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Slavery at Jefferson’s Monticello: Paradox of Liberty explores the complex relationships among Thomas Jefferson, one of our Founding Fathers, and six enslaved African American families who lived and labored at Monticello for almost four generations. Although Jefferson believed in liberty and justice and actively expressed his contempt for the institution of slavery, he owned African Americans until his death in 1826. The families who were still living at Monticello at that time were placed on auction in January, 1827 and forcibly separated from one another. Although many of the families remained in Virginia after the Emancipation, several members journeyed throughout the United States to begin new lives in places such as Ohio, Pennsylvania and California.
I sat down with Gina W. to discuss her role in the development of this exhibition. She is the collections manager responsible for installing the historical artifacts and ensuring that they are protected at all times. Prior to installation, Gina was also instrumental in making certain that curators, designers and fabricators worked cohesively to create a memorable presentation. Once the show closes this October, she will see to it that the objects are returned to collections storage and closely monitored in preparation for our inaugural exhibitions in 2015.
Kareen (KM): In your opinion, who are the major players in the exhibit installation process?
Gina (GW): Definitely collections managers who work with other collections staff, especially the project manager. In addition, we work with mount makers to safely install the objects and to make sure the content is reflecting what is on the labels. We also collaborated with Monticello’s staff on content development. Fabricators guaranteed that cases and the exhibit space were prepped and ready for display as well. It’s like a domino effect. Fabricators have to finish their work on cases for the mount makers to complete their tasks, and then for the collections managers to install the objects. We all have to work together. As a collections manager, you see the whole picture to keep everyone moving forward.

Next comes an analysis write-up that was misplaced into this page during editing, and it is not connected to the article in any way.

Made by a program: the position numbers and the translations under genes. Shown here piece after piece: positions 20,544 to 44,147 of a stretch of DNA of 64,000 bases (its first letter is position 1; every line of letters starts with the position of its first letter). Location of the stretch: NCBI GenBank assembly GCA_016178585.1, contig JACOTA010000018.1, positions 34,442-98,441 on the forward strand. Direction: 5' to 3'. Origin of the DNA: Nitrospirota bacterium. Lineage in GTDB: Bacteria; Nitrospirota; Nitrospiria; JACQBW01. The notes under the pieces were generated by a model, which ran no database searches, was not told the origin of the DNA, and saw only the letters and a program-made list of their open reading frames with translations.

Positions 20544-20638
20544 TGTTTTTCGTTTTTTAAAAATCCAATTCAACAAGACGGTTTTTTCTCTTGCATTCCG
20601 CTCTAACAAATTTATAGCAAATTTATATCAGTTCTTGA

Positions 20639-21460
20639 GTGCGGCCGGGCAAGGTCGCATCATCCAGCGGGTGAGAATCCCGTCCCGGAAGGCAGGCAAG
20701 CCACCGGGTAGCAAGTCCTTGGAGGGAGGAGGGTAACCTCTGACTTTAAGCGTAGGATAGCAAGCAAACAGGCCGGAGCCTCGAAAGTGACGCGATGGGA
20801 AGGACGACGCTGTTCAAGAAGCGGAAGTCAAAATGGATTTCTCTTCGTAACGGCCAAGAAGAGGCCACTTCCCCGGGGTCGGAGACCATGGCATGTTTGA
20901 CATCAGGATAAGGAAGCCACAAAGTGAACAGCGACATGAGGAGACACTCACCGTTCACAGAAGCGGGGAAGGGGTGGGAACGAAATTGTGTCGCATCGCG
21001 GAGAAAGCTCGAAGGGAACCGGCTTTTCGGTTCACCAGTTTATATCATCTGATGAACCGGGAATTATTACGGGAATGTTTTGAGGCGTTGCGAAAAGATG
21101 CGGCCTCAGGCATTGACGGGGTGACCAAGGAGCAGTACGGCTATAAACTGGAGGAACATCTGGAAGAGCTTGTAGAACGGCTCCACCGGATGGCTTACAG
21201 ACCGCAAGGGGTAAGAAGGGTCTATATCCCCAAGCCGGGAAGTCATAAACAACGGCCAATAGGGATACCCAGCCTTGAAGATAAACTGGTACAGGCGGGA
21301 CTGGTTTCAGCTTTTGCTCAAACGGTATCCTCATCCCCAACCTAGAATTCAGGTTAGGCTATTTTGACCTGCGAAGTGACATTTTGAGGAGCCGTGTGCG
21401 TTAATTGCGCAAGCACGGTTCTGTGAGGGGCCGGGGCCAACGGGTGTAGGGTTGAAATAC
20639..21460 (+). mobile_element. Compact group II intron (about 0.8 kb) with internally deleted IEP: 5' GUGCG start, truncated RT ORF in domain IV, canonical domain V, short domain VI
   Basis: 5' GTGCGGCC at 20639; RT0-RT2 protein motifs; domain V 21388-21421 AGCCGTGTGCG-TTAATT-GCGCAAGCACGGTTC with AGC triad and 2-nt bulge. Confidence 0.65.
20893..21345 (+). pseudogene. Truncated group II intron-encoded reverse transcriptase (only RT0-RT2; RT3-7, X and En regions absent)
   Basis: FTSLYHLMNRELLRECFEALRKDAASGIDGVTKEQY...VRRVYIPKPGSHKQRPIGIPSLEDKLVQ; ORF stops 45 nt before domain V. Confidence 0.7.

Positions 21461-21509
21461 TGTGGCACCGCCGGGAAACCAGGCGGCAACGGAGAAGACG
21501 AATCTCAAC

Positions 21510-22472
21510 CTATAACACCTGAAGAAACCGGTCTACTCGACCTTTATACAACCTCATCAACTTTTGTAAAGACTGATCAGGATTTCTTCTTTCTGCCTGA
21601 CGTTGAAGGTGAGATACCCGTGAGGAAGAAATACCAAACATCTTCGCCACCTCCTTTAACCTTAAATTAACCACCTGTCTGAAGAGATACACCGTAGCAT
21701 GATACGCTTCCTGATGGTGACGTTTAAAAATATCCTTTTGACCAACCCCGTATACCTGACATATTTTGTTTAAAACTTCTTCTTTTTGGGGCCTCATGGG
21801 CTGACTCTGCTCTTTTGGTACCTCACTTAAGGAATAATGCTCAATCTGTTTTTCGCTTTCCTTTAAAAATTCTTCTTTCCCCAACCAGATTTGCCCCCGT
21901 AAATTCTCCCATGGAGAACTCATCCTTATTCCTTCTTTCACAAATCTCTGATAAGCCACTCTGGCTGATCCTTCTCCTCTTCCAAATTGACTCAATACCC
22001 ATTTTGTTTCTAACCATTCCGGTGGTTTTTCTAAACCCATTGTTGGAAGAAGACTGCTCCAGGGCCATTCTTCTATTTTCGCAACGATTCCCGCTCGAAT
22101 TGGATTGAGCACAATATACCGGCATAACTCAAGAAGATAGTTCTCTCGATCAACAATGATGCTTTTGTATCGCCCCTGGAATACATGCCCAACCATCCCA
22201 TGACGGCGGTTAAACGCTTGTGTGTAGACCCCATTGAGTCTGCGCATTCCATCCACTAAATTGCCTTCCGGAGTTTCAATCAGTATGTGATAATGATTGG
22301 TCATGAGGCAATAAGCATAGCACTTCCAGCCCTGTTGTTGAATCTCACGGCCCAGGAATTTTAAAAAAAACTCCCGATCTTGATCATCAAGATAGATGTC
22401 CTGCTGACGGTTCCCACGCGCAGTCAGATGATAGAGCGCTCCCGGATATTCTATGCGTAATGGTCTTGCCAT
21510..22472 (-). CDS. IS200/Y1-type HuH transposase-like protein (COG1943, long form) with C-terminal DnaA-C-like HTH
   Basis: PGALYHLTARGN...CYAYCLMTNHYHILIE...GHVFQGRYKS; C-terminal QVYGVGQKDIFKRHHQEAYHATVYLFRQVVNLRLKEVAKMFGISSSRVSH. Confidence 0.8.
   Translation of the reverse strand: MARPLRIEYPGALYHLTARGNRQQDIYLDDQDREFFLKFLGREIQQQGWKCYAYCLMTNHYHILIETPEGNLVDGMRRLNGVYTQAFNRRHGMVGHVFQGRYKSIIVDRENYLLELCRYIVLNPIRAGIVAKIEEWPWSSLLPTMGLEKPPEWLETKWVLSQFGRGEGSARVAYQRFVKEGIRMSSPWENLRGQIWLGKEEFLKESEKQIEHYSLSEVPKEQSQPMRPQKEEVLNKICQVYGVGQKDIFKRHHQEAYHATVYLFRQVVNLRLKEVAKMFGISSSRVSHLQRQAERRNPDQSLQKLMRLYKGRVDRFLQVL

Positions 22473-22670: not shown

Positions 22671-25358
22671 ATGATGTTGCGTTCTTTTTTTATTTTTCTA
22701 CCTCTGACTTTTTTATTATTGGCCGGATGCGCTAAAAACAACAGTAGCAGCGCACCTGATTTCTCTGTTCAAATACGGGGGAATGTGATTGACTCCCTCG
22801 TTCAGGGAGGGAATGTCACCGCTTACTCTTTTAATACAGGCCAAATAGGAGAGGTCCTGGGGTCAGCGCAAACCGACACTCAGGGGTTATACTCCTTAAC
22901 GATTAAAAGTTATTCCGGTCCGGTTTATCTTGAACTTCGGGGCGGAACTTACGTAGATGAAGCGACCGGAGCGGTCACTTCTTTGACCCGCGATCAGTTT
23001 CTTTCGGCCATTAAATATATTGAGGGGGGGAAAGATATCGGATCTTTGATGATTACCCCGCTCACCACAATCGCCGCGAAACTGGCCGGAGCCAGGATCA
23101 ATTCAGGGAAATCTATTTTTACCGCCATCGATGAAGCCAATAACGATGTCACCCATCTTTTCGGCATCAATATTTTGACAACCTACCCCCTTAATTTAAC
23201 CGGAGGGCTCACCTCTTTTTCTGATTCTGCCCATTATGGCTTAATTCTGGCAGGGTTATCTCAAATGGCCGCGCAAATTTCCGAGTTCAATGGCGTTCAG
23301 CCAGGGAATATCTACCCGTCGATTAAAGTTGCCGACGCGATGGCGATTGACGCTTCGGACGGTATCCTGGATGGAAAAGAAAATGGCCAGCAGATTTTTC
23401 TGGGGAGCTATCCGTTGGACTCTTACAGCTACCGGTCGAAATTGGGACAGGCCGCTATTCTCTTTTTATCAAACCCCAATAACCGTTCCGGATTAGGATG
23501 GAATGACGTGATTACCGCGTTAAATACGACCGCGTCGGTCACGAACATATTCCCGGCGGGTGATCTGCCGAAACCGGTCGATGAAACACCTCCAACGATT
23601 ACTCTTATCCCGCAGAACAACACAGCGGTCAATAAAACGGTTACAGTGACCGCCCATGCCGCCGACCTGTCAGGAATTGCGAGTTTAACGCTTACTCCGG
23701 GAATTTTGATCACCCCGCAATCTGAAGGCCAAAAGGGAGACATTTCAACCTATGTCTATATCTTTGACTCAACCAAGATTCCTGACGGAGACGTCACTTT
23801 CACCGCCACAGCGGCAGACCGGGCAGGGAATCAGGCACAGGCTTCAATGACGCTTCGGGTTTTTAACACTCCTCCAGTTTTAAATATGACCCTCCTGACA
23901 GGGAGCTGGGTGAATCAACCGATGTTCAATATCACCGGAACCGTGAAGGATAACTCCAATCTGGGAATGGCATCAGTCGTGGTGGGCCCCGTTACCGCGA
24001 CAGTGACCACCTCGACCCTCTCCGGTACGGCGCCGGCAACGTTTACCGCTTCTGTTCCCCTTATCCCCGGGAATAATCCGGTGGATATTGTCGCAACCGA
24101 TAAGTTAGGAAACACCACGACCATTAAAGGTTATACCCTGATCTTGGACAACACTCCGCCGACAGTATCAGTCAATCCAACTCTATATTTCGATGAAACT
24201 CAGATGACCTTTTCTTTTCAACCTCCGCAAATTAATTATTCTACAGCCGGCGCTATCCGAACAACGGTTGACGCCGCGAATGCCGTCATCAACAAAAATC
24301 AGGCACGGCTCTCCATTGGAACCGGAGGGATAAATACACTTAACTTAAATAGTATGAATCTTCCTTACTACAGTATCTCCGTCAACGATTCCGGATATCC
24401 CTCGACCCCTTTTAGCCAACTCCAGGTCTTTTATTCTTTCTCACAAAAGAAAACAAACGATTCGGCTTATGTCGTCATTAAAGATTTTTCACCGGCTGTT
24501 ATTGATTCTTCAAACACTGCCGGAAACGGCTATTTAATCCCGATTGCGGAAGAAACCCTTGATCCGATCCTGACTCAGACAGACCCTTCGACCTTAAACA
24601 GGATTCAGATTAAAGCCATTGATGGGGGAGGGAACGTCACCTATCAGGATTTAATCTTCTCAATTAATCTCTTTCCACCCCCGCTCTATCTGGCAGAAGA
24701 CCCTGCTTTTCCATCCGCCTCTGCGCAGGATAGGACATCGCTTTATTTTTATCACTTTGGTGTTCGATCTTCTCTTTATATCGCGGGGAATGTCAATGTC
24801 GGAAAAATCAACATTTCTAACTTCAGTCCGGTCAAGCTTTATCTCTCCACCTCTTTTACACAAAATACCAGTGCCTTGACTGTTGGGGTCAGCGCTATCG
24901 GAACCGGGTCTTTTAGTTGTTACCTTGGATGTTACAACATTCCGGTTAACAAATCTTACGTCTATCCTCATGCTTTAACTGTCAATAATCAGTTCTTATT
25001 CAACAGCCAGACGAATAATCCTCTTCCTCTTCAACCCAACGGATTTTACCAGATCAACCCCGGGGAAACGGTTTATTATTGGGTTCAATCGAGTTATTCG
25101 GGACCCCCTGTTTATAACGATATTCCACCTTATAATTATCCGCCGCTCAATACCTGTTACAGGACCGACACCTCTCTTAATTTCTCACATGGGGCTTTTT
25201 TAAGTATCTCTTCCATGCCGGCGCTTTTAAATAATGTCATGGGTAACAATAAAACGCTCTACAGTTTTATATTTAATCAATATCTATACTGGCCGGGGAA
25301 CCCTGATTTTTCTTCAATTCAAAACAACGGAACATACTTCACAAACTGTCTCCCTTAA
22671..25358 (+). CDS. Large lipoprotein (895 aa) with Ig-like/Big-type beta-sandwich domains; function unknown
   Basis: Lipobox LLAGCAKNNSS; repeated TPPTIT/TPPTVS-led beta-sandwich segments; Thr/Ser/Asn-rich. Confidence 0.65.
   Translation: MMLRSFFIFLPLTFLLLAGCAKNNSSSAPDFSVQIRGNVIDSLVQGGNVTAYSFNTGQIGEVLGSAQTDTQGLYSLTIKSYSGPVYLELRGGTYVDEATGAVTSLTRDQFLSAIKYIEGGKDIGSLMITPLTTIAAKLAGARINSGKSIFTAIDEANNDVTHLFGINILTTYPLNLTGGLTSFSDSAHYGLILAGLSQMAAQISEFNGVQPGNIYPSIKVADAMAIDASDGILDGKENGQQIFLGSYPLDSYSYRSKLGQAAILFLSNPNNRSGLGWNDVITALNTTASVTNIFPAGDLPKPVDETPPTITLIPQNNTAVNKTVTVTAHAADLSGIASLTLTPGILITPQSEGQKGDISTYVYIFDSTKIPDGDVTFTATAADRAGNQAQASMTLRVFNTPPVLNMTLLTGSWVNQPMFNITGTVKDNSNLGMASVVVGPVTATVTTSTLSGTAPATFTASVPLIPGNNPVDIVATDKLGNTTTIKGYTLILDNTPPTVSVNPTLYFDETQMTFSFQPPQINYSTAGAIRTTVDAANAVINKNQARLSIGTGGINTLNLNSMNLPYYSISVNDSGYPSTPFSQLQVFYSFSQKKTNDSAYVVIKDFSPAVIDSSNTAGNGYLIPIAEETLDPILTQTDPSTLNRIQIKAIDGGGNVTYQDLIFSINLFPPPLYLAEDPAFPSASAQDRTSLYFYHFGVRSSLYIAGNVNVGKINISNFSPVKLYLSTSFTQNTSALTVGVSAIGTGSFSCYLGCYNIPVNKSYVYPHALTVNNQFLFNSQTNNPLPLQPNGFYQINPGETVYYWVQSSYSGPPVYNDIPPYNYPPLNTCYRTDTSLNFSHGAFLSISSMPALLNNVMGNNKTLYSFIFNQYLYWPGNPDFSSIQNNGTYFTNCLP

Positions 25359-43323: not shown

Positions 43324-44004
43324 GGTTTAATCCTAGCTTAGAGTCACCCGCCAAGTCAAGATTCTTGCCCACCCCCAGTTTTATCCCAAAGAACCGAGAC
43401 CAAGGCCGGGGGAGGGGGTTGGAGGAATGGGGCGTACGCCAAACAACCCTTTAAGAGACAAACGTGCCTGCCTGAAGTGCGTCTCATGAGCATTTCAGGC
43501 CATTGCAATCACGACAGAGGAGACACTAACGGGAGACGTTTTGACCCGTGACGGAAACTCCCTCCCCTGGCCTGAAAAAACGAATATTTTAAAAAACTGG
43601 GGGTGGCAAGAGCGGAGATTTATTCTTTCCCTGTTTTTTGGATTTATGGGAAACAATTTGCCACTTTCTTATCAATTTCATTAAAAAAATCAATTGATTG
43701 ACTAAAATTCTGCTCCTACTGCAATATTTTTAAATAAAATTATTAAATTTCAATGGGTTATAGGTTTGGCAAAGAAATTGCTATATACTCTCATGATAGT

KM: How would you describe your role as a collections manager?
GW: Being a manager of a specific collection is different than being one for an exhibition, especially because most of these items were borrowed from the Thomas Jefferson Foundation (TJF). It involved a lot of coordination and cooperation. It was about working closely with TJF collections managers. It’s not only managing the details of the objects, but also working with designers to ensure that the placement of objects went along with the story we were trying to tell.
KM: Would you then describe yourself as a steward of these objects?
GW: Yes, because it’s our job to make sure these objects are protected and taken care of for generations to come. It’s important to work with conservators and mount makers, while also trying to tell the story so people will understand the relevance of what is being displayed. Balancing the inherent needs of the objects and being aware of our audience’s desire to be close to the objects are things we have to keep in mind. An example of this is the Priscilla Hemmings headstone--we had to put this toward the back of the case so that there was more support for it on the mount, as opposed to placing it directly at the front of the case so visitors could read the etching more clearly.
KM: What is the most challenging part of exhibit installation and why?
GW: Timing. There are so many moving pieces. There are so many different people—fabricators and mount makers, collections staff. You have to work with what is there and available due to the set schedule. You have to be flexible and ready to make changes; coming up with the plan of how things are to be installed, but also understanding that not everything will go as expected.
KM: How has this exhibit helped to shape your perception of Thomas Jefferson and the enslaved population of Monticello?
GW: Thomas Jefferson was a very interesting and complex man. He had his public life and he talked about how he wanted to abolish slavery, despite the fact that he owned 607 slaves at his home over the course of his lifetime. In his public life, he talked about taking action against slavery…but in his private life, he rarely did.
KM: How was opening night for you? What were your thoughts and feelings?
GW: It was a relief that it all came together. It was also exciting because so many people had worked on this exhibition. From looking through storage cabinets in the archaeology department at TJF to putting the objects in cases, there were so many people involved and working to share the story of Thomas Jefferson and the enslaved population at Monticello. The most touching part was seeing the reaction of the descendants as they walked through the exhibit and seeing the emotion on their faces…and pride.
KM: Thanks so much for chatting with me today, Gina. We truly appreciate what you do.
GW: I’m happy to share the experience, because it’s a unique glimpse into the museum world.